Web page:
Featured Poets

Pris Campbell & Scott Owens

( Florida & North Carolina )


Sara Discovers Norman

Sara is flash lightning,
a loose wire,
her current not quite
touching ground.
She got a tattoo once,
pierced her belly button,
sewed roses all over her
size six baggy jeans.
She wishes she'd known
Janis Joplin, Martin Luther King,
and The Chicago Seven; she admires
people who walk outside circling wagons.
She’s attracted to Norman.
In his Lands' End pressed slacks
and tailored shirts, he almost
blends in, but his shoes 
are as scuffed as hers.

The Nature of Attraction

It wasn’t just the way
Sara deviled her eggs,
heart-shaped pimientos
sacrificed on top.
It wasn’t just her willow legs
that clearly went all the way up.
Norman moaned over both
of these in private fantasies
after just one date.

It was more than the way
her barely there breasts
rose like inverted teacups
beneath her thin cotton shirt,
more than caramelized onions
and fried bacon in her potato salad,
more even than how she groped
his leg while he drove
slowly, milking time
between destinations.

He liked her laugh,
her smile, the way
she sympathized with childhood
pains, the way she saw
to the serious heart of everything
but never let it get her down.
He liked the way she opened
herself to anything that came,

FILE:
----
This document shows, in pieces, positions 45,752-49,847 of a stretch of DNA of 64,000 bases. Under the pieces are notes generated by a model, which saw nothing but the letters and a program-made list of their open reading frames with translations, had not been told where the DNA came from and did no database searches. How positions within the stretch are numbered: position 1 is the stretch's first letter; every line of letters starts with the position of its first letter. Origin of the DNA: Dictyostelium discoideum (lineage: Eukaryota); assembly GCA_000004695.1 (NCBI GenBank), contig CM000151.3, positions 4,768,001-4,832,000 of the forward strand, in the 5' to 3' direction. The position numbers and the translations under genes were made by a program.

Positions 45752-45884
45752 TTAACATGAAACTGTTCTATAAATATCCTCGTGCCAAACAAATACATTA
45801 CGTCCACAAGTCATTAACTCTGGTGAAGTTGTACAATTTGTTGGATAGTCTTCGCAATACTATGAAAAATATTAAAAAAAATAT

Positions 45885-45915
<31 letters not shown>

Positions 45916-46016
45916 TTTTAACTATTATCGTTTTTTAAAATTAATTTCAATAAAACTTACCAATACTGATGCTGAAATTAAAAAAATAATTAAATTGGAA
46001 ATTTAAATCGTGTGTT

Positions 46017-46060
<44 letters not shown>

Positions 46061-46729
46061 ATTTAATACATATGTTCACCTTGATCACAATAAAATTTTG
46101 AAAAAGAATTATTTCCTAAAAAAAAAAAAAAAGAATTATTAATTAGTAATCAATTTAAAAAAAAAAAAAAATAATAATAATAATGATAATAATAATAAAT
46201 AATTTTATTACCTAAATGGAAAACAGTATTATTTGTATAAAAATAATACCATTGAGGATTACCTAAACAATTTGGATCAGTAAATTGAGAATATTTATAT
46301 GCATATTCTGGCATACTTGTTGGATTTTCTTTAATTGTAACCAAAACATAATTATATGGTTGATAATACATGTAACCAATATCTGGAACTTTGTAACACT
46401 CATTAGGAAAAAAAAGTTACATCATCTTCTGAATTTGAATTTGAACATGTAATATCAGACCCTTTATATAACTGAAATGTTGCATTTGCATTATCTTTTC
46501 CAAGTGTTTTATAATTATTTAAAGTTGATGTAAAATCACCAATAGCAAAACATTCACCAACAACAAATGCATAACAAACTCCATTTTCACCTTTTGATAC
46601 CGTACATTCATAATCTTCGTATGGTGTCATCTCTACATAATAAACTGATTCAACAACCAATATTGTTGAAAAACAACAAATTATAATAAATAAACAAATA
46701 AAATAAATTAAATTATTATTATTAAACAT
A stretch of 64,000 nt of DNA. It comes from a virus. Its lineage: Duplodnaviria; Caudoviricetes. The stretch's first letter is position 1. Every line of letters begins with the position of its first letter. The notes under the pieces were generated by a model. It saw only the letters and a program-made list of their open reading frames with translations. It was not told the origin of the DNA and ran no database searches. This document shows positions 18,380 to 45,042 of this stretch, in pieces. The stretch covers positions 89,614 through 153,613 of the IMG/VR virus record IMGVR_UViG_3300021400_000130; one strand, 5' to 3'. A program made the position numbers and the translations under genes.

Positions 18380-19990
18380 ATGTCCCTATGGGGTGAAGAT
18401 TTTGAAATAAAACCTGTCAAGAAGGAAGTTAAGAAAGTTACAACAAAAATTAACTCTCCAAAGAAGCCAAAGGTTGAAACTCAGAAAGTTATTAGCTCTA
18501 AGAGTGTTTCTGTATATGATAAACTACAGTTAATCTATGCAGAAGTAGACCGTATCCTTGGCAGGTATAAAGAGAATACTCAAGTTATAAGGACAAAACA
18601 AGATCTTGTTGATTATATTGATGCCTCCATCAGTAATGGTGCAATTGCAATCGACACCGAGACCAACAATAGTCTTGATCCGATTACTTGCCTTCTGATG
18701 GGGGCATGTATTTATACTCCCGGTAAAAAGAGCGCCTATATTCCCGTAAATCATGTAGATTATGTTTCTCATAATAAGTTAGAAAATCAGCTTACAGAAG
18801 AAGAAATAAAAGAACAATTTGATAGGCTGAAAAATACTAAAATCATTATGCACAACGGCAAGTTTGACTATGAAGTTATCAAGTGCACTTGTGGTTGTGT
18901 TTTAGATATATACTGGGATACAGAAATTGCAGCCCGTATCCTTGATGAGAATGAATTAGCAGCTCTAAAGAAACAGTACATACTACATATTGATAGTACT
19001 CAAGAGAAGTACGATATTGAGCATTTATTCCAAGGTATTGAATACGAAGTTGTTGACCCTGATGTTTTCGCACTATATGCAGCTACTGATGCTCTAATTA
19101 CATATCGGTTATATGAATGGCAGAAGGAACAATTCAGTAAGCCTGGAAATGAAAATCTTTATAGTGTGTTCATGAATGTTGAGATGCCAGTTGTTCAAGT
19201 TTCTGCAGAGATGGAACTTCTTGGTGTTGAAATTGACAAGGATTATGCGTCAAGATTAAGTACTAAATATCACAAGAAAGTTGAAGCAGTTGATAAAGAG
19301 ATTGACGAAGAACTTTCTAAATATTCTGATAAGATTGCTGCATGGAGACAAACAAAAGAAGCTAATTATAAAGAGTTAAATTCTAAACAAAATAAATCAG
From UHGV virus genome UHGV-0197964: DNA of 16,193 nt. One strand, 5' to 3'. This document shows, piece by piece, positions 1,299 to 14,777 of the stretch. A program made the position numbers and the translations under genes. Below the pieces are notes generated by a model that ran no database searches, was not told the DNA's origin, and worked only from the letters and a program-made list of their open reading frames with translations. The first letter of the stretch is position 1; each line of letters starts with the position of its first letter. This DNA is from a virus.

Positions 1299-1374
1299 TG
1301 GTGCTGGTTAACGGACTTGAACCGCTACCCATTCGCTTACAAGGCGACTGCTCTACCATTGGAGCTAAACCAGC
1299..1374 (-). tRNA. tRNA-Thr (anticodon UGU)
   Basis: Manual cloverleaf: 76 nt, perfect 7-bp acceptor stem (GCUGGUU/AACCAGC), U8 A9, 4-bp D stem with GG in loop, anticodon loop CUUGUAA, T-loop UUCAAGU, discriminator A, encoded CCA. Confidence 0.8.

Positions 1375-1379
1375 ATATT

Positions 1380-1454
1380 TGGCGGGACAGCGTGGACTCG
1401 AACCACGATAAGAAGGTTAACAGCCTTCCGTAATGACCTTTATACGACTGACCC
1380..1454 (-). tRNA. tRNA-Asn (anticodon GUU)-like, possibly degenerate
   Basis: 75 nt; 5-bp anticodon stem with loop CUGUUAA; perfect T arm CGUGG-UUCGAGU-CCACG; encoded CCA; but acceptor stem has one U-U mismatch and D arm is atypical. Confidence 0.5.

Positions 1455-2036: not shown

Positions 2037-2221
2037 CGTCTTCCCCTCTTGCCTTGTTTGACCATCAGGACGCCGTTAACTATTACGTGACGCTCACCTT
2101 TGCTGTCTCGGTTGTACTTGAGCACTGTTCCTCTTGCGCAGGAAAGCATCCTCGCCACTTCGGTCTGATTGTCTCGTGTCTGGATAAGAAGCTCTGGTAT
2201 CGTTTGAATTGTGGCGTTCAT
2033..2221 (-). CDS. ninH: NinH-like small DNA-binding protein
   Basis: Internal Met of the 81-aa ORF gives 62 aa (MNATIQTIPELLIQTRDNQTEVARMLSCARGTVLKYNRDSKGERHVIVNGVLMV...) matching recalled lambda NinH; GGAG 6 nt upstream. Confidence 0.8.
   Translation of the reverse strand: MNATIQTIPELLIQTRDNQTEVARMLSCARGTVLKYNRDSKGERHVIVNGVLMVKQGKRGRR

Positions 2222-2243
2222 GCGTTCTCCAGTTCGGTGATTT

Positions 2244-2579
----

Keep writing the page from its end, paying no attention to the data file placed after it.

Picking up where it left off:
sound of birds, splash of water,
lying back in sand.

He loved most the way
she rubbed the back of his neck
when he bent over the sudden poem.
He thought all this
must mean love or something deeper,
though as for that,
he thought sex and cooking
might have been enough too.

Adoring Norman

Sara said she had poem envy
as she opened the fly-
leaf at the front of Norman’s
latest book of poems.

Each image she felt
was harder than anything
she could manage
on her own. Every line

as well-hung as any
she’d ever seen. 
His sackful of words
carefully metered

and plump with possibility.
She loved the way he
penetrated deeply 
into any matter

that attracted him, varied
his pointed thrusts 
for climactic effect,
remained always headstrong,

perfectly erect.  She loved
the music of moan 
and sway he pulled 
from inside her, the way

he left her overflowing 
with powerful feelings, spent 
inside but never tired 
of stroking his iambic ego.

Sara Goes to a Psychic

Sometimes Sara thinks
the dead speak to her.
She’s sure her father
tells her Norman won’t last.
Grandfather says she’s no good.
An angel sits on the foot
of their bed some nights.
When Sara tries on her halo
everyone fades into the distance.
Sara loves Norman,
or thinks she does.
He still pleases her sexually,
often 2 or 3 times a night,
makes breakfast, painted
their bedroom, has started
doing her laundry. Her clothes
have never been neater.
Norman answers all of her questions
but holds some part of himself back.
A Black Hole, she teeters
on his precipice.
He rarely laughs, won’t dance,
says it makes him look silly.
He’s a good man...I’m lucky,
she tells herself and anybody
else who will listen.
She decides to go to a psychic,
holds out her palm,
covers the other’s with silver.
She sees a cross. 
She sees Norman hanging from it.
He’s laughing.

Editor’s note: “Sara Discovers Norman” and “Sara Goes to a Psychic” are by Pris Campbell; “The Nature of Attraction” and “Adoring Norman” are by Scott Owens.

Next - Martin Willitts, Jr.


Current Issue - Spring 2009